Sicilian orange cake

Lately I’ve started baking again. But it’s just basic, no-fuss cakes like butter cakes.

Slices of sunshine!

Came across this highly raved Sicilian orange cake recipe when surfing the net. Apparently, it was all the rage in the baking blogosphere way back in 2009.

It’s actually a very simple recipe, but the result is a wonderfully buttery and delightfully citrusy orange butter cake.

Due to high content of butter, the crumb is moist and soft. But its richness is offset by a generous amount of fresh orange zest and juice.

The original recipe has icing, but I omitted that because our family aren’t fans of icing. This cake tastes just as fabulous in its naked glory, and keeps well too!

Buttery and citrusy orange cake.

Original recipe source from Almost Bourdain

Sicilian Orange Cake recipe
(makes 1 x 8-inch square cake)

250 g lightly salted butter, softened at room temperature
200 g caster sugar
4 medium eggs
250 g self raising flour, sifted
finely grated zest from 1 large navel orange or 2 regular-sized oranges
120 ml freshly squeezed orange juice
  1. Preheat oven to 170°C. Line and grease an 8″ x 8″ square cake tin.
  2. Beat butter and sugar together (creaming method) till pale and fluffy.
  3. Add 1 beaten egg to the mixture one at a time, beating thoroughly till well incorporated. If the mixture starts to curdle towards the last egg, beat in a tablespoon of flour to prevent curdling.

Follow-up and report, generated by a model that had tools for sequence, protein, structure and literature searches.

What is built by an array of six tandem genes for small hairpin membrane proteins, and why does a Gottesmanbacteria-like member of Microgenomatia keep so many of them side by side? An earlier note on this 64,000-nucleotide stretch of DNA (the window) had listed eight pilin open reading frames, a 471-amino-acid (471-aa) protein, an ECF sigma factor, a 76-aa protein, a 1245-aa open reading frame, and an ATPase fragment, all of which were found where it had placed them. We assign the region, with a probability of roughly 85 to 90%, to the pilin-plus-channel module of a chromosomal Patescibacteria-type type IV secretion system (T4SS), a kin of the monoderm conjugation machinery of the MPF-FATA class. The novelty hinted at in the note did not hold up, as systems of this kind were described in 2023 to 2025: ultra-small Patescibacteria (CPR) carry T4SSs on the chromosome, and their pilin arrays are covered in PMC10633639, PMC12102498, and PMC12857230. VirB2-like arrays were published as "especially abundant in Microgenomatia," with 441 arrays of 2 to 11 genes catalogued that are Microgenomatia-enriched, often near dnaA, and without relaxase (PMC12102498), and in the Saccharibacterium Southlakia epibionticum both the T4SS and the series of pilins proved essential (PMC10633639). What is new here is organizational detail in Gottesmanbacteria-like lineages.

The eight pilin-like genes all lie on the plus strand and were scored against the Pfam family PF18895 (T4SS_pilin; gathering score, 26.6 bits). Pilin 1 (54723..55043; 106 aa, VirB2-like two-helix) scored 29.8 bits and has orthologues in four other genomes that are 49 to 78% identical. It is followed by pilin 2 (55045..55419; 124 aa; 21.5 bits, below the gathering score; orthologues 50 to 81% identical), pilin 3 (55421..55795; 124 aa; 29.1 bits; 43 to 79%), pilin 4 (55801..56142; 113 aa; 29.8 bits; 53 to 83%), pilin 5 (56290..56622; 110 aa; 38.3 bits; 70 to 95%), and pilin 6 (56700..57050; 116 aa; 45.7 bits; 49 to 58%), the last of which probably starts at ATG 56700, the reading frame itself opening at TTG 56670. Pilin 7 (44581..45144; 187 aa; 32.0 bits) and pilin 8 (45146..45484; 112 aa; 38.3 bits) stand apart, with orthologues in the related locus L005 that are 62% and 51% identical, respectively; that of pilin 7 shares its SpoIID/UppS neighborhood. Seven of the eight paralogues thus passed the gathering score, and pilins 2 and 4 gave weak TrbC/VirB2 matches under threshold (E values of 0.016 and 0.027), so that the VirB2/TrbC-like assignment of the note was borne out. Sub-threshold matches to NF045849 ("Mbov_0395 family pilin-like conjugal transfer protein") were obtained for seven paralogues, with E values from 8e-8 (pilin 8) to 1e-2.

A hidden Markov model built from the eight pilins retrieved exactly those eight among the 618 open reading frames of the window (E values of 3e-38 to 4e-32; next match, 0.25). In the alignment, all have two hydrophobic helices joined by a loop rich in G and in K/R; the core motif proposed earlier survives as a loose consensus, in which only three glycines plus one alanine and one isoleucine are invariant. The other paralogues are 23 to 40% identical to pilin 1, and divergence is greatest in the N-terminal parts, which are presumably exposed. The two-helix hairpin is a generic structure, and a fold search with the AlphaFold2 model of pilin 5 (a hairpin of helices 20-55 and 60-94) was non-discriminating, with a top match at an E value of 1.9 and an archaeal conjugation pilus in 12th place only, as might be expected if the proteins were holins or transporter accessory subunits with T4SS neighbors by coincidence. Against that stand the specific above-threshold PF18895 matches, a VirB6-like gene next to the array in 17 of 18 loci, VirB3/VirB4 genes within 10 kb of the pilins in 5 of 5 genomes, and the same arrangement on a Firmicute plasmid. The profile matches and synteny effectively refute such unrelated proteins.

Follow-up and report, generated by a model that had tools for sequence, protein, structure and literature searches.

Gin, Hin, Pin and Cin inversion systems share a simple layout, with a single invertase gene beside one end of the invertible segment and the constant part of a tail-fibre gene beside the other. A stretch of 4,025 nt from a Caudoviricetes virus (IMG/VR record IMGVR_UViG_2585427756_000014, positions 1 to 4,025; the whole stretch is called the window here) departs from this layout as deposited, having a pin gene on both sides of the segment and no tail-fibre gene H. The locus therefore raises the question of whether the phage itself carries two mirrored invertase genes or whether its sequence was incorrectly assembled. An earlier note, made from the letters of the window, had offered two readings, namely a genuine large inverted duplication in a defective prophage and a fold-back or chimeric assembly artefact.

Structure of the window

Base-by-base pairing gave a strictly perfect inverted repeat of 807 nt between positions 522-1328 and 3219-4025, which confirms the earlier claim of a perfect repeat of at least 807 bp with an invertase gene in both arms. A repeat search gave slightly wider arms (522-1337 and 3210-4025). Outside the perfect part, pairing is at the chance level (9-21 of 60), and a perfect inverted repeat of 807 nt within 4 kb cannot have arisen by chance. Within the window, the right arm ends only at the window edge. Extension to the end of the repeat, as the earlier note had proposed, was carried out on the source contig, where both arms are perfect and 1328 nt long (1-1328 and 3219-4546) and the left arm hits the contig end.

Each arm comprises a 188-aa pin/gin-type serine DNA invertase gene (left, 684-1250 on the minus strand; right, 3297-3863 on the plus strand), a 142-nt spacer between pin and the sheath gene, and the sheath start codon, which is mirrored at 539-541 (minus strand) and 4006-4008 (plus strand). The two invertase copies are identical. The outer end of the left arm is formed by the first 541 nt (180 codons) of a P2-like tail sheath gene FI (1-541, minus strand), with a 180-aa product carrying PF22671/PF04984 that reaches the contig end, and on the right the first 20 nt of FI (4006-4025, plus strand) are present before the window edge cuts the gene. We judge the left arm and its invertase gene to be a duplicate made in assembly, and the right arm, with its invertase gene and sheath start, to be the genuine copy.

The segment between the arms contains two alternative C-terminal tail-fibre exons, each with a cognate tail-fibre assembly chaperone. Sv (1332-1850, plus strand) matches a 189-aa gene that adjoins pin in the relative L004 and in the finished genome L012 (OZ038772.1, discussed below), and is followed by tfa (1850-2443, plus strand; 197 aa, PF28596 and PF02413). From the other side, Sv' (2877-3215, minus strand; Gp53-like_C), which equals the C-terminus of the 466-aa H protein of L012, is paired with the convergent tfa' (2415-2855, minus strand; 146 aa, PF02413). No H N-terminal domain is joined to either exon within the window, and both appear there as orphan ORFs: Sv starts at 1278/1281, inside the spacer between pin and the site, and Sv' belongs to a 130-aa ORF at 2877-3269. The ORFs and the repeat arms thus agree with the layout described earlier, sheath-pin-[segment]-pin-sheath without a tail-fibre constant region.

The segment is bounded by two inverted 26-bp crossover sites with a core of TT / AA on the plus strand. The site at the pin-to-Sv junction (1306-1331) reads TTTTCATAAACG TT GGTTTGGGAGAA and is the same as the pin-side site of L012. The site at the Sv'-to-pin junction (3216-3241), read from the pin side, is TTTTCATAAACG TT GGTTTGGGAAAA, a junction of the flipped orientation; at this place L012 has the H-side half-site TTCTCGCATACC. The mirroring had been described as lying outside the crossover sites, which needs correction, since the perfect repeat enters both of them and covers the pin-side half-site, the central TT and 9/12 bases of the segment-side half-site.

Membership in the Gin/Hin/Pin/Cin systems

4. Mix in grated orange zest.
  5. Alternately fold in flour and orange juice (I did this in 4 batches).
  6. Pour mixture into cake tin. Bake in preheated oven for 50-55 mins, or until a skewer comes out clean when inserted into centre of cake.
  7. Leave the cake, in its tin, to cool on a wire rack. Unmold, cut into slices and serve.
Notes:
  1. You could also use a 22-cm round tin (about 8.5-inch in diameter) instead of 8-inch square tin.
  2. The original recipe uses 250 grams of sugar. I reduced the amount as we prefer it not so sweet.
  3. The original recipe uses 85 ml of orange juice, but I upped the amount to make it more moist and orangey. You could reduce the amount if you find the cake too wet.
  4. I used 1 very large navel orange, and it was sufficient to yield the required amount of zest and juice.

The images in this post were captured with Sony Cyber-shot DSC-HX200V (review unit from Sony Singapore).

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Comments

    • says

      Hi Michelle,

      I’ve not tried baking this as cupcakes, but I suppose you could. Definitely have to reduce baking time as cupcakes take a shorter time to cook.

  1. Jo says

    Try find a recipe with ground almonds in it, I find it makes a much better cake. I have one but it is in a italian cookbook. The crumb holds it shape but is more crumbly and you can reduce the butter content a bit.

    @michelle chong As with all cakes, yes reduce the baking time and poke a skewer through to check if done. If the skewer comes out clean it is done.

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